i2 developing solution to help manufacturers deal with environmental regulation compliance
Dallas — April 27, 2004 — The restrictions being placed on the usage of certain hazardous materials are driving significant change in the way products are being designed and manufactured. Key regulations such as the European Union's Directive 2002/95/EC, Restriction of Hazardous Substances (RoHS), will go into effect starting July 1, 2006. Companies that do not comply risk forfeiting revenue and market share in those markets covered by the regulations. The entire electronics ecosystem and supply chain stands to be impacted — from component manufacturers and distributors, to the OEMs and contract manufacturers.
In response, i2 Technologies Inc., a provider of closed-loop supply chain management (SCM) solutions, today announced that it is developing i2 Hazardous Materials Management (HMM), a technology-enabled solution intended to help companies deal with emerging environmental regulations and related manufacturing requirements affecting those industries whose products contain electronic components.
The move to lead-free manufacturing is having a wide-ranging impact, thereby creating new requirements for "green" design, procurement and manufacturing. According to a March 26, 2003 AMR Research Report, "The WEEE (Waste Electrical and Electronic Equipment) and RoHS directives affect core business processes and over half of a manufacturer's existing enterprise applications." The report goes on to say, "The WEEE and RoHS directives will have a similar rippling effect on IT systems that we saw with Y2K and euro preparation."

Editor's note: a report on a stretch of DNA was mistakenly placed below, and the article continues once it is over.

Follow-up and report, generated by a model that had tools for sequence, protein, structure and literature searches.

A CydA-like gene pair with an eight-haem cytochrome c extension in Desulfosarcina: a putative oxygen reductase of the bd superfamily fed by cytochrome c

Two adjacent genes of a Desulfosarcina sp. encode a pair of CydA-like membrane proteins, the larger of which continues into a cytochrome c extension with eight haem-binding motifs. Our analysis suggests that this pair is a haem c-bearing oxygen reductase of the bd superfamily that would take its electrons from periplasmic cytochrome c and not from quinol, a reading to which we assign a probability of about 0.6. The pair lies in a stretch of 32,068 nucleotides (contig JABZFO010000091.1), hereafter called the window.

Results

Traditionally, i2 said, enterprise software applications have been available to manage the environmental health and safety aspects of conforming to regulations from agencies such as the Occupational Safety & Health Administration (OSHA), Food & Drug Administration (FDA), Environmental Protection Agency (EPA), and the Nuclear Regulatory Commission (NRC). However, these applications do not address the front-end supply chain technology requirements of engineering, procurement, quality and supply management, which the provider said are needed to enable RoHS compliance and the transition to lead-free manufacturing.
In his April 1, 2004 Research Alert, AMR Research's Kevin O'Marah wrote, "Reactive environmental compliance will be too costly for many manufacturers to survive. Design-for-environment strategies must anticipate worst-case scenarios and the tools to help them should be chosen accordingly."
"Compliance to regulatory standards like HAZMAT will have an unprecedented impact across the entire supply chain. It will transform the way we interact with our suppliers, our customers and partners," noted Greg Frazier, executive vice president of Avnet, an electronic components distributor. "Our customers face a potentially daunting task of migrating millions of items from non-compliant bills of materials. Across more than 125,000 clients, Avnet must aggressively apply processes to assist in this transition. It is imperative that we avoid any disruption in our client's supply chain."
Jeffrey Davis, director of Supply Chain Engineering for Lucent Technologies, is the corporate leader for his company's RoHS and WEEE implementation. In explaining the gravity of the impact of these regulatory changes, he noted that the issues might have greater ramifications than earlier estimated.
"The road to compliance will be measured in billions of dollars of revenue and expense. We may see a true shift in competitive balance as companies hurry to become compliant within manufacturing, distribution and sales," he warned. "The European compliance deadline of July 2006 will force wide-spread changes in the way companies go to market with their products. This shift is already having significant world-wide impact as geo-specific regulations are implemented."